NEW INTERPRETATION OF THE SITTER AS A POET Renaissance portraits of women were often viewed in a poetic context. In the Petrarchan tradition, male poets and painters competed over who could better capture and convey a woman’s beauty. The Schiava Turca’s ornament of a winged horse connects her to a poetic context, for in Renaissance Italy the winged horse Pegasus was the quintessential emblem of poetic inspiration. But the Schiava Turca is unlike Renaissance portraits of women in several ways. Her active pose, with her body facing right and with her head turned to the left, was common for portraits of men, not for women. Stillness was a virtue in portraits of women, in 2
which the sitter’s body usually faces in the same direction as her face. The Schiava Turca’s direct and engaging expression also distinguishes her from other female portraits. The look on her face more closely resembles that of Parmigianino’s Cupid Sharpening His Bow than that of any of the artist’s other portraits of women. Her expression, in other words, is closer to that of the god of love than to that of a decorous noblewoman. Finally, the Pegasus ornament that the Schiava Turca wears appears to be an enseigne, or hat badge, an accessory customarily worn by men that derives from military badges and bears the emblems of the men who wear them. The Schiava Turca appropriates a pose, expression, and an accessory usually reserved for men. What might these inversions of portrait conventions reveal about the mysterious woman? Rather than a passive recipient of male poetic admiration, could she, herself, be a poet? This interpretation has never been proposed. But after all, the Schiava Turca wears upon her head (the seat of creativity) a Pegasus, the very symbol of poetic inspiration.
The possibilities and implications of this interpretation will be explored by Aimee Ng in the accompanying exhibition catalogue. Therein, she will present the portrait in its artistic and cultural context as a masterpiece that epitomizes the contribution of Parmigianino to portraiture as a genre of dynamic experimentation and invention. Educational programs will include seminars and lectures by experts in the field of Italian Renaissance art. The natural light of the museum’s Oval Room will provide visitors with an optimal viewing experience of Parmigianino’s celebrated portrait and an ideal setting for gallery conversations.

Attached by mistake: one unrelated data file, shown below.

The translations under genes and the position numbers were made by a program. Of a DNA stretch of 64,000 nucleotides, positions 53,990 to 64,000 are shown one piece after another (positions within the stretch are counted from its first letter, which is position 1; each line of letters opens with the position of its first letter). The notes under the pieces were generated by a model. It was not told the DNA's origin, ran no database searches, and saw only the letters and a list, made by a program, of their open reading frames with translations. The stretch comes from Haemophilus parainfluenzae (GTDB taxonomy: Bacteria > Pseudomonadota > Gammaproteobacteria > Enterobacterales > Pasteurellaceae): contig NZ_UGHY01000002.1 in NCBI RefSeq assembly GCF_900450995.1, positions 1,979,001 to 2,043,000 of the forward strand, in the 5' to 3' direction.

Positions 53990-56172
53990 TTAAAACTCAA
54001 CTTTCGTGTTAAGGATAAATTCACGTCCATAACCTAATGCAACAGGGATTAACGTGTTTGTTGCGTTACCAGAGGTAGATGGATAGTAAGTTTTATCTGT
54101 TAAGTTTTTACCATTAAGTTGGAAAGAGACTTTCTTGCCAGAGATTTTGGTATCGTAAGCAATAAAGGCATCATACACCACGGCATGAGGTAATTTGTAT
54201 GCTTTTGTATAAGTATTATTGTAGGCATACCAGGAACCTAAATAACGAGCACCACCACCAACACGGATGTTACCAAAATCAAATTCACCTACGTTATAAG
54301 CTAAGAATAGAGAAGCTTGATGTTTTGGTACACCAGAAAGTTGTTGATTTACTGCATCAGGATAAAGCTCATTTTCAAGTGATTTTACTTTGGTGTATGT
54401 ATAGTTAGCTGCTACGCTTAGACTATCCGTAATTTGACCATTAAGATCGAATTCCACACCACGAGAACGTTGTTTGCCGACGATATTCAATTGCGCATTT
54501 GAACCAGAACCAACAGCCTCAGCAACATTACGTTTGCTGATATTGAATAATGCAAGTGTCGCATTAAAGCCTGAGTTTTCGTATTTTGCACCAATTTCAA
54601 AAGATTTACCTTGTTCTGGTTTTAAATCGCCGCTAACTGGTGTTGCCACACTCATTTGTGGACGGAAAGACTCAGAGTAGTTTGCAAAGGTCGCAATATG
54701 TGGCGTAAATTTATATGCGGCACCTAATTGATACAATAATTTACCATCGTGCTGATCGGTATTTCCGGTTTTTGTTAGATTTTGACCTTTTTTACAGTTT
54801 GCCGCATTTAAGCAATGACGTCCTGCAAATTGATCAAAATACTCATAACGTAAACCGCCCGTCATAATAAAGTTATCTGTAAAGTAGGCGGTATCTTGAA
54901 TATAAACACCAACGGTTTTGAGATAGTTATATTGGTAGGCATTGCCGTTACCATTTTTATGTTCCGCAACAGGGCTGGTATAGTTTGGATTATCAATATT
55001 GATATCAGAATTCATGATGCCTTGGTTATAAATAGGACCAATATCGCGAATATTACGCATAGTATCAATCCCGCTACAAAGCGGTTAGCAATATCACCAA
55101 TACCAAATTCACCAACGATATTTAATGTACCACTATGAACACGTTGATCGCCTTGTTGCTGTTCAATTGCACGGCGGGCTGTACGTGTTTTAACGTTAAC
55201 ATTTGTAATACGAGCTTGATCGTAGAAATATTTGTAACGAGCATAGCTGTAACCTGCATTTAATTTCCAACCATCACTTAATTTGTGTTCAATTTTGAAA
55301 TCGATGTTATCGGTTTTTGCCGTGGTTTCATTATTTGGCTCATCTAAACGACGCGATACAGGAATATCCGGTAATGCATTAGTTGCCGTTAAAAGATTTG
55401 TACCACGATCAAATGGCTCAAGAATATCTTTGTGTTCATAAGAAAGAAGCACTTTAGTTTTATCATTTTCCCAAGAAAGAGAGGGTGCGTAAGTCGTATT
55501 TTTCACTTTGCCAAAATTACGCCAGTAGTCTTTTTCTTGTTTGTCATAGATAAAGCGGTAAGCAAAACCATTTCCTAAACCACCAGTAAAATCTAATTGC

ABOUT THE FRICK COLLECTION AND THE FRICK ART REFERENCE LIBRARY Henry Clay Frick (1849–1919), the coke and steel industrialist, philanthropist, and art collector, left his New York residence and his remarkable collection of Western paintings, sculpture, and decorative arts to the public “for the purpose of establishing and maintaining a gallery of art, [and] of encouraging and developing the study of fine arts and of advancing the general knowledge of kindred subjects.” Designed and built for Mr. Frick in 1913 and 1914 by Thomas Hastings of Carrère and Hastings, the mansion provides a grand domestic setting reminiscent of the noble houses of Europe for the masterworks from the Renaissance through the nineteenth century that it contains. Of special note are paintings by Bellini, Constable, Claude, Corot, Fragonard, Gainsborough, Goya, El Greco, Holbein, Ingres, Manet, Monet, Rembrandt, Renoir, Titian, Turner, Velázquez, Vermeer, Veronese, Whistler, and other masters. Mr. Frick’s superb examples of French eighteenth-century furniture, Italian Renaissance bronzes, and Limoges enamels bring a special ambiance to the galleries, while the interior and exterior gardens and the amenities created since the founder’s time in the 1930s and 1970s contribute to the serenity of the visitor’s experience. 3